In June 1964, I boarded a Greyhound bus at Port Authority in New York. Sixteen hours later, I arrived on schedule, none the worse for wear, in Winston-Salem, N.C. I was 22 years old and starting my first post- college teaching job.
Greyhound still makes the journey from Port Authority to Winston-Salem. The fare is $90 one-way during the week, $99 on weekends, and the trip is faster than it was 40 years ago. This year, Greyhound will take 19 million passengers to cities across the United States. But the oldest, largest and the busiest bus company in the country recently announced it would cut service this summer to more than 250 cities in more than a dozen states, from California to North Dakota, Nebraska to Oregon.
Sad to say, the familiar Greyhound — an icon as recognizable perhaps as a Coca-Cola bottle — will no longer be a fixture on Main Street and across the wide-open spaces of the West. For a lot of small towns, it will end almost a century of service, moving workers to factories and fields, soldiers to military bases and home again, families to reunions at Thanksgiving, Christmas and the Fourth of July.
When I made my journey by Greyhound in 1964, I didn't own a car and couldn't afford to buy one. Traveling by bus was a practical matter of dollars. But the bus was a lot more than that — a place strangers made friends, shared food and stories, a rolling community in close quarters.
As a newly minted master's graduate in American literature, I knew all about mythic journeys, rites of passage and male initiation rituals in novels like "Moby Dick," "The Adventures of Huckleberry Finn" and "On the Road." I knew, too, that Beat poet Allen Ginsberg had worked at the Greyhound terminal in San Francisco, stacking luggage and carrying suitcases. He had even written a poem about his experiences — "In the Baggage Room at Greyhound" — in which he describes the "millions of the poor rushing around." Setting out from Port Authority to Winston-Salem, I envisioned myself as a hero on my own mythic journey.
The Greyhound took me overnight from the familiar world I had known to a strange, unknown world that I had only read about: the American South. On my epic trip, I met a warmhearted middle-aged African American woman who fed me and entertained me with stories about her family. When I arrived at my destination, her oldest son carried my luggage to his car and drove me to the campus of Winston-Salem State. Greyhound broke down all sorts of barriers for me and for millions of young men and women like me.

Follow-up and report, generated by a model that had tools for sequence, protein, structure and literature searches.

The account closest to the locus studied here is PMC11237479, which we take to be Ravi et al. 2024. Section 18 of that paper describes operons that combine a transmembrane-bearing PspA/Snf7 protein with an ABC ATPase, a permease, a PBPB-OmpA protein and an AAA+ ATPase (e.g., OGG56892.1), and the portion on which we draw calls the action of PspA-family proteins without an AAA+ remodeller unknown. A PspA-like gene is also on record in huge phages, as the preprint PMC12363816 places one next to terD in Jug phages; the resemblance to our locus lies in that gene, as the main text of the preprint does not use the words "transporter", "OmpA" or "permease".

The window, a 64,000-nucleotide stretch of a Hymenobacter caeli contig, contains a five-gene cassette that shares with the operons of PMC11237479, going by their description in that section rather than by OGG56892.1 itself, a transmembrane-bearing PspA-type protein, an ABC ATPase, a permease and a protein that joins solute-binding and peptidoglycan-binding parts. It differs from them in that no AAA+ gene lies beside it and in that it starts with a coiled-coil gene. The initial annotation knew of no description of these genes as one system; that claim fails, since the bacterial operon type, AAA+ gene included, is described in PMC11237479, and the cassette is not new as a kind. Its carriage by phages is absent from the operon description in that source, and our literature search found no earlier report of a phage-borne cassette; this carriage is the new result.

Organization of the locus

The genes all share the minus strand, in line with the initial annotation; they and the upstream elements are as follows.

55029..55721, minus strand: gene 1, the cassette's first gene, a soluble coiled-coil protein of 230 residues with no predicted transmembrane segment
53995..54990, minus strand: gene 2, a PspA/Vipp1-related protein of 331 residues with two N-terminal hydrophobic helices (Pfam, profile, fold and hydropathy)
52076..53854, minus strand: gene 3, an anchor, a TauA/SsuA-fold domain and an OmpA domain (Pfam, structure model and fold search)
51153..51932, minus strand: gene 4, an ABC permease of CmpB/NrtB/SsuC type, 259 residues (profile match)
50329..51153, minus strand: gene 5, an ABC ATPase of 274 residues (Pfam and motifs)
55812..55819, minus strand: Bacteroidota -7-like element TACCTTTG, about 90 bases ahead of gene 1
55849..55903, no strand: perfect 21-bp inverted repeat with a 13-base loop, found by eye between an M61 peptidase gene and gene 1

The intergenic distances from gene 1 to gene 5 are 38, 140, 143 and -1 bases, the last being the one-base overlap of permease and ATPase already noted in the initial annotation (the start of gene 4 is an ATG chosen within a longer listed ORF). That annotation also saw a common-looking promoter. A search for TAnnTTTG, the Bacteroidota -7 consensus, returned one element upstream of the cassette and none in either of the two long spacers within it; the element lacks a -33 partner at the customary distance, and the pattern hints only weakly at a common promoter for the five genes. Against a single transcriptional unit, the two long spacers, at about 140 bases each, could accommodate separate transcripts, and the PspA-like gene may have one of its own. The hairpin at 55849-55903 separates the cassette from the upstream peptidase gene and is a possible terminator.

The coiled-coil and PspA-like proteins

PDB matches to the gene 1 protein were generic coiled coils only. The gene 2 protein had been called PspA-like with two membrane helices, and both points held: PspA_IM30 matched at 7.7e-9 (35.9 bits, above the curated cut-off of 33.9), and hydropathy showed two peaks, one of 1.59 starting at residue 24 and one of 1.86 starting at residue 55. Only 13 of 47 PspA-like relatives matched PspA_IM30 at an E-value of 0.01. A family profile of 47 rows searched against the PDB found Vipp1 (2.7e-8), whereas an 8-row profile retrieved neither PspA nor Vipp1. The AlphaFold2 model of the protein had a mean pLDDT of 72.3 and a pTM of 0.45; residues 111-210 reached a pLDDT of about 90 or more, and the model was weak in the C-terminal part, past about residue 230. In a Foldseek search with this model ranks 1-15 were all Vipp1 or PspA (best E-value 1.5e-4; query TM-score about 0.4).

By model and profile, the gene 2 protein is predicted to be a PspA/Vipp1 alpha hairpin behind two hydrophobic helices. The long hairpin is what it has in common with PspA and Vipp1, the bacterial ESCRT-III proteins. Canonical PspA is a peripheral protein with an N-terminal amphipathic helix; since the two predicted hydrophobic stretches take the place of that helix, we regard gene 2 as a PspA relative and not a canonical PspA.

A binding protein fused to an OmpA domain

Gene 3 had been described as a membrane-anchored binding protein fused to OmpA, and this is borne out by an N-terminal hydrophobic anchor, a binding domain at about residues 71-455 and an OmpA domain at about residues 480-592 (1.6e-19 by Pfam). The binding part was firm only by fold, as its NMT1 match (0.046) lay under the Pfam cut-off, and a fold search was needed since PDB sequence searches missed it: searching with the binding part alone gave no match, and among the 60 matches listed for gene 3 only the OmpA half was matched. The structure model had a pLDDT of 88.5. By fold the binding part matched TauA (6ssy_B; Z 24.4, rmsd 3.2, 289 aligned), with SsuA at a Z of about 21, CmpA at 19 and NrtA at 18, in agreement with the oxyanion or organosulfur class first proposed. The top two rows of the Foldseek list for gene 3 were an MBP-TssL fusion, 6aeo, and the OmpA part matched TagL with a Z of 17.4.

In a way, Greyhound played a part in integrating the nation. It enabled me and my contemporaries to move about the country freely, to discover the diversity as well as the inequalities and the generosities of the nation at large.
Everyone in my family has traveled by Greyhound. My youngest brother, Adam, once woke me at 3 a.m. and recounted every leg of his grueling Greyhound ride from L.A. to New York. By sunrise I felt I'd traveled with him.
For his wife, Adelina, Greyhound offered a way to get to places she had only dreamed about. And so it came to symbolize the American dream itself. Born in Mexico, she came to California as a girl and grew up in the Great Central Valley harvesting strawberries, peaches, onions and lettuce with her parents. Greyhound took her from the valley to Los Angeles and San Diego and then to college in San Francisco.
Her 70-year-old mother still travels from the valley to San Francisco by Greyhound. Once a year, Adelina takes Greyhound to remind herself of the road she's traveled since childhood. "Greyhound," she says, "gave me my independence and my freedom."
For millions of Americans, Greyhound's profit-driven decision will surely lead to increased isolation in already isolated places. It may very well make those nearly forgotten men and women long for a past when Greyhound provided a way out and a way up — an egalitarian vehicle to greater social mobility and a vital connection to humanity itself.
Jonah Raskin is the author of "American Scream: Allen Ginsberg's 'Howl' and the Making of the Beat Generation" (2004, University of California Press).
Copyright 2004 Los Angeles Times